More so, it was reported that patients who use the 5% formula experienced improved psychosocial perceptions of hair loss. As if that’s not enough, both doses were well tolerated by the men in this clinical trial without any side effects.
As expected, the above study was not the only one to report such results. There was another similar study conducted in 2004 but focused on female pattern hair loss. The study concluded that the 5% topical formula was superior to 2% in promoting hair growth.
Dose Response of 5% vs 10% Minoxidil
Few clinical trials are available concerning the efficacy of 5% minoxidil and 10%. As such, it is difficult to come up with a consensus on the most effective concentration of this medication.
More so, existing studies seem to be providing varying results. For example, subjects who were treated with 5% minoxidil experienced superior results compared to those that used 2%.
Also, another study showed that individuals who used 5% of the treatment reported better results than 10%. Plus, the 10% treatment was reported to cause more side effects compared to using the 5% or 2% formula.
So, while you would expect the 10% minoxidil to be more effective than the 5%, this may not be true. This is probably because the dose-response does not always happen as such.
Simply put, you should not expect to experience twice as much hair growth with 10% than with the 5% minoxidil. Some medications like minoxidil reach a point where further increase in the dose does not lead to a corresponding increase in efficacy. This is referred to as the law of diminishing returns.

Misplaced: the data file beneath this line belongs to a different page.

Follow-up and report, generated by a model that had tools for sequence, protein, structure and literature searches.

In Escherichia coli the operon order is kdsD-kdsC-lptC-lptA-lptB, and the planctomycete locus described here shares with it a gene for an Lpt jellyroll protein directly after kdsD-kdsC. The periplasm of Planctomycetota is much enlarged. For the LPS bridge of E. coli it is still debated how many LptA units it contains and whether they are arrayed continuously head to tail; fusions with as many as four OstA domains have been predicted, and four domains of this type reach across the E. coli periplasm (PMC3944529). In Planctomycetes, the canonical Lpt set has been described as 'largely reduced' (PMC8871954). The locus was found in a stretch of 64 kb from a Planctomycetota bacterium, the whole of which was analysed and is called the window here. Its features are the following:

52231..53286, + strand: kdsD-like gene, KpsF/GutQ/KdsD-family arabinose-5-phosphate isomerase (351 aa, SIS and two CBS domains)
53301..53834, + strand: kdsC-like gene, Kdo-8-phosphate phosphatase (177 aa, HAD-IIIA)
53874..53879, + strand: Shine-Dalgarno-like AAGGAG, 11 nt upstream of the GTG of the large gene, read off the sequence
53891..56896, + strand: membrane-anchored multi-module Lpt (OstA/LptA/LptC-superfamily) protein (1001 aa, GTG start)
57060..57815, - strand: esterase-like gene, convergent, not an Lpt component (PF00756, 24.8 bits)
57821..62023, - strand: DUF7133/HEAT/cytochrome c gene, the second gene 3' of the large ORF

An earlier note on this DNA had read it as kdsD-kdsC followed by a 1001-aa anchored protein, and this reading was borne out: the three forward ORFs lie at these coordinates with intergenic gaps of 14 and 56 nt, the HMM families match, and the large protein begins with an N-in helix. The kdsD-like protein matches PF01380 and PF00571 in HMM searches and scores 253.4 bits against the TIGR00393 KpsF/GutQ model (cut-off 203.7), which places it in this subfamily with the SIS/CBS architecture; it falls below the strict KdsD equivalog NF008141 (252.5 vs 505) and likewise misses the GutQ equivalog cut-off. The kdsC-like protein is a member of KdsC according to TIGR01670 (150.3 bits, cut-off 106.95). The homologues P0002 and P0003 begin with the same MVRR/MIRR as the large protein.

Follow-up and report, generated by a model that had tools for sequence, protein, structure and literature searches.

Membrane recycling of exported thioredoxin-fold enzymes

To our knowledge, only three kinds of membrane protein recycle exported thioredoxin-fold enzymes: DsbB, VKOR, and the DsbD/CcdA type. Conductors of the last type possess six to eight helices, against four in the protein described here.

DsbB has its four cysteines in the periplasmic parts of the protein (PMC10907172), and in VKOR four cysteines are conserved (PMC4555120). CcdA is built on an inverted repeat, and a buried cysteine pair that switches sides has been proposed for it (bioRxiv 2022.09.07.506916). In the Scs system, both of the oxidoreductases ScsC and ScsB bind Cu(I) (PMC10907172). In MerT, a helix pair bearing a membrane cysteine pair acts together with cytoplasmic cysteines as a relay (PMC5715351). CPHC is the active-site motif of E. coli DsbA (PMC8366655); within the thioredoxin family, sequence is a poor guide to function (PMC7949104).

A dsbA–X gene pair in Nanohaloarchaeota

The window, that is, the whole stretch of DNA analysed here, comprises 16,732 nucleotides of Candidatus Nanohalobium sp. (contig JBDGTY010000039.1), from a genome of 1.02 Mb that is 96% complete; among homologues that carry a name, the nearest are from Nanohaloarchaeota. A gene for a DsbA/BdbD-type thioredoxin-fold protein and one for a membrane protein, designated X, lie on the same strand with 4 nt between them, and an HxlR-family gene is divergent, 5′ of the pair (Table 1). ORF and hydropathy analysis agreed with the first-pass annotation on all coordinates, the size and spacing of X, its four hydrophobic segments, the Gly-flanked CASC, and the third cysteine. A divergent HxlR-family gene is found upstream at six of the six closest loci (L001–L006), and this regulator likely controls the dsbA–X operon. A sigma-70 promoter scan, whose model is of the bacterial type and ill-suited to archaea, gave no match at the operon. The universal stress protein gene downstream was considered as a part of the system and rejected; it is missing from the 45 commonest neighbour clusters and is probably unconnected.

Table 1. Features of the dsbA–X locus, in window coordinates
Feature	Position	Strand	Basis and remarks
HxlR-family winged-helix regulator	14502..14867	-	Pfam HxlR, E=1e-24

With minoxidil, the law seems to kick in at within the range of 5 percent concentration.
Therefore, at around ten percent concentration, the results may plateau even if you increase the dosage. Also, the side effects would increase.
Side Effects of Minoxidil 5% vs 10%
Minoxidil is considered to be safe when taken as directed by the doctor. This means that if you take the 2% or 5% daily dosage that is FDA-approved, you’re unlikely to experience any major side effects.
Unfortunately, its non-active ingredients, including propylene glycol and alcohol are not harmless. So, by increasing your minoxidil dosage to 10%, it also means you’re increasing the concentration of its non-active ingredients.
Consequently, this may result in increased side effects like:
- Scalp irritation
- Unwanted facial hair growth
- Contact dermatitis
- Low blood pressure
What If Minoxidil 5% Does Not Provide You With The Desired Results?
Unfortunately, like with every hair loss treatment, what works for me may not work for you. Therefore, 5% of minoxidil may not work for everybody. More so, some people may experience faster results than others.
When this happens, you might be tempted to increase your dosage probably to 10%. While it might be okay to increase your dosage, we recommend you seek the help of your doctor first.
However, you should keep in mind that a 10% dosage of minoxidil may lead to serious side effects. More importantly, it may not be as effective compared to the 5% formula.
Some people find better results by using all-natural hair supplements such as Folexin or the renowned Viviscal formulation.
5% minoxidil is the FDA recommended dosage. Therefore, unless your doctor states otherwise, you should stick to it. However, if the 5% dosage does not provide you with the desired results, you can consider adding a natural supplement.
But with so many hair growth supplements available on the market, which one do you choose? Well, you might want to try out Folexin which complements minoxidil by providing you with a healthy supply of Biotin and Saw Palmetto.